Akau’ola’s character Pepe has a joyous and comical energy that brings a light-hearted element to the show.  A scene of interactive care-free dancing under vibrant pink lighting alleviates the tension only for an ominous green light to swamp the stage.  Being based on stories from Eddie Elliott’s personal whakapapa, this menacing mood anticipates what appears to be an intensely physical re-enactment of an event where Nga Puhi attacked Mātakitaki Pā with muskets. 

The choreography includes astonishing lifts through partner and group work that smoothly transition in and out of unison phrasing.  The repeated choreographic elements performed in unison, such as movements with a limp upper body that opposes their sturdy base, adds to the haunting and tense atmosphere.  The choreography reflects the lighting and music that builds in energy for the climactic war scene.  The dancers run on and off stage, whilst repeating earlier moments as if they are caught in a glitch.  The voice-over and soundscape warps with their movements.  They skillfully execute their movements from external forces of manipulation, imitating their invisible assailants.  Furthermore, the use of a spotlight coincides with the soundscape to function as gunfire.   Rākau are lowered down above the dancers for the war scene, foreshadowing the dancers’ incorporation of tī rākau to aid their fight.  The innovative choreography is evident in a moment where Rehua props two of the rākau up and drops one in time with the lighting and audio to portray the firing muskets.  The work ends in a calmer mood with synchronised choreographic phrasing that reflects the dancers purifying and healing in the Waiwhakaata.  Their simplistic scooping motions are therapeutic and restorative, rounding out the end of the performance.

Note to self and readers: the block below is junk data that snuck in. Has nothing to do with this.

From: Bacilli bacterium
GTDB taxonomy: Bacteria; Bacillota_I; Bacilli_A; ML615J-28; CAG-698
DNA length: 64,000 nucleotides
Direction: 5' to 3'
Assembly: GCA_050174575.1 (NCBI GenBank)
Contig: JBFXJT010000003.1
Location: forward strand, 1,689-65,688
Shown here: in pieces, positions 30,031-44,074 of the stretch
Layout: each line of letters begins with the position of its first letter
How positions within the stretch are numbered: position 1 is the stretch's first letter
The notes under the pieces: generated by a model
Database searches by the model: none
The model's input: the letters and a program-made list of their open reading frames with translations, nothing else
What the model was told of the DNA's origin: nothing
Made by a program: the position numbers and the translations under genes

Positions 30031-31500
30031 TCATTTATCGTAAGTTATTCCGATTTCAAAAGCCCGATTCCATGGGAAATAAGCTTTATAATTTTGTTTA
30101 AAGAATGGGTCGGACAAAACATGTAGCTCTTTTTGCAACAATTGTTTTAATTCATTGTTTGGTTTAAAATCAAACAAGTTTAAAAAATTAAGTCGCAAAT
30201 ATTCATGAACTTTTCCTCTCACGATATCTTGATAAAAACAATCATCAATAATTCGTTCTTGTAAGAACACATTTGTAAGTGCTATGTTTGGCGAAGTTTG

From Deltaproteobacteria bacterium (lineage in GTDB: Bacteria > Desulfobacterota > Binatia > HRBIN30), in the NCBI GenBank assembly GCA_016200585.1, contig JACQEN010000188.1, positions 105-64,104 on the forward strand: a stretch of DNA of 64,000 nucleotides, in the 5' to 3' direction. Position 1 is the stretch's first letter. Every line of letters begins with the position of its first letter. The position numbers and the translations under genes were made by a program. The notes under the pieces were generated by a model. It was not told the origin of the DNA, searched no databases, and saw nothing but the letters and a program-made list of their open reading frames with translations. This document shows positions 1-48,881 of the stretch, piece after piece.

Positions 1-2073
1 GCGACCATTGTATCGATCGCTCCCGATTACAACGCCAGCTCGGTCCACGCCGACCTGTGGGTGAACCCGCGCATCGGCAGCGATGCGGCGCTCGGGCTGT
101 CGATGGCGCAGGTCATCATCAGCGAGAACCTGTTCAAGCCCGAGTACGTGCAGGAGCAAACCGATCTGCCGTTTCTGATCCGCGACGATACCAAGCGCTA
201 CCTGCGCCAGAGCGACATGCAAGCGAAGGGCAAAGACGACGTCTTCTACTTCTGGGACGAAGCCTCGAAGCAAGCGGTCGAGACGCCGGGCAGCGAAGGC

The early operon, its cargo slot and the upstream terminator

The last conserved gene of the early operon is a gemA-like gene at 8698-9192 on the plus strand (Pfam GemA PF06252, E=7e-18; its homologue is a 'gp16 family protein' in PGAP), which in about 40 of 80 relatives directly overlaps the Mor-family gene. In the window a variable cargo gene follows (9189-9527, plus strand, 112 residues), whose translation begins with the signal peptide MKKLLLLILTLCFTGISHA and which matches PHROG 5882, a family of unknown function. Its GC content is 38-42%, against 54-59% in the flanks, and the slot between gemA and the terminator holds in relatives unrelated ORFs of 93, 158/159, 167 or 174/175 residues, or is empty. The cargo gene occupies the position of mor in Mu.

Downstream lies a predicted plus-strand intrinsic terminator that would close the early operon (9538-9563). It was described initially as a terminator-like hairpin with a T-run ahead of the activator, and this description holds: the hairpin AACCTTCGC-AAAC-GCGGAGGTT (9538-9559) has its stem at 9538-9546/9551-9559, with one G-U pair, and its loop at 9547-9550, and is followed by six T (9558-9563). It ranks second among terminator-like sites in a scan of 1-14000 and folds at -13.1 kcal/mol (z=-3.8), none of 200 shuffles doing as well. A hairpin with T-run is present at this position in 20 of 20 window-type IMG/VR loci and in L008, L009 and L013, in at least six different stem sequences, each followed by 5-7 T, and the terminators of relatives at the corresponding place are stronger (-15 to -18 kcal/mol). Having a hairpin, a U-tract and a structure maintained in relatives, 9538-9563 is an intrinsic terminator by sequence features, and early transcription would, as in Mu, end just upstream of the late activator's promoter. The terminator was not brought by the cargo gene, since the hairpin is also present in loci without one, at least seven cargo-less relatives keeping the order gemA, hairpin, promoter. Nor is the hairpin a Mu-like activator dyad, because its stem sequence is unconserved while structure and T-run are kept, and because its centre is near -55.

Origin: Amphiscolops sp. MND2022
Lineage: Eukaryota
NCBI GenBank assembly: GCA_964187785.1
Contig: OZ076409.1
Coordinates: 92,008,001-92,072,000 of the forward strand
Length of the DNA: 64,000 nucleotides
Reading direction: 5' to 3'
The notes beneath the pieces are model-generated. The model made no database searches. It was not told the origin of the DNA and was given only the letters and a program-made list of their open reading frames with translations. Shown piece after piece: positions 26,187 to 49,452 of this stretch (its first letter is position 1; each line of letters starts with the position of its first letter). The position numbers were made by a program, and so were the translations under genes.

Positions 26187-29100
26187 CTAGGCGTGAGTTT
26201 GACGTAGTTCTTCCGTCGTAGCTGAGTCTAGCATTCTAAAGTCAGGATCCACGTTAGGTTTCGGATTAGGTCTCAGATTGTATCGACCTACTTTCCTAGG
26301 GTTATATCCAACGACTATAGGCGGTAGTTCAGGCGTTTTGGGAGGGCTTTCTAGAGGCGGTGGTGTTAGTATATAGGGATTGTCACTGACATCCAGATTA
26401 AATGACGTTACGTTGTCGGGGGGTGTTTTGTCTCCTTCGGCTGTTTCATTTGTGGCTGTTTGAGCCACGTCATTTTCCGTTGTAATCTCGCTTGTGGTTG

Despite some dialogue occasionally being lost under the reverberating bass, the overload of action or in my own quick translation of Te Reo, their message is still strongly conveyed by the performers’ fervour.   Throughout the piece, I am amazed by the ease of the performers’ dialogue in both English and Te Reo whilst executing such physical dynamics.  Through their voices in the scenes of war and death, they do not hold back in expressing raw and terror-inducing emotions.  Their spine-chilling wails and haka, accompanied by fierce pūkana, all tied together to convey a great sense of mana.  Specifically, one of many awe-inducing moments that stand out to me is the monologue of Brydie Colquhoun’s character Whata where she is fallen into a contorted backbend with her face lit on centre stage.  It is disconcerting and heart-wrenching.  Her projection of dialogue further exemplifies the performers’ incredible ability to sustain their voice and breathwork.

This work’s concept can relate to many individuals healing their own knowledge and sense of identity in their heritage whether they are Māori or from any other culture impacted by the “urban humanity”.  As a young and aspiring dancer, just beginning to embark on my own journey to connect to my whakapapa, Waiwhakaata: Reflections in the Water invigorates me to see the Māori contemporary dance scene thrive. 

Sophie was mentored for this review by Theatreview dance writer Helen Balfour.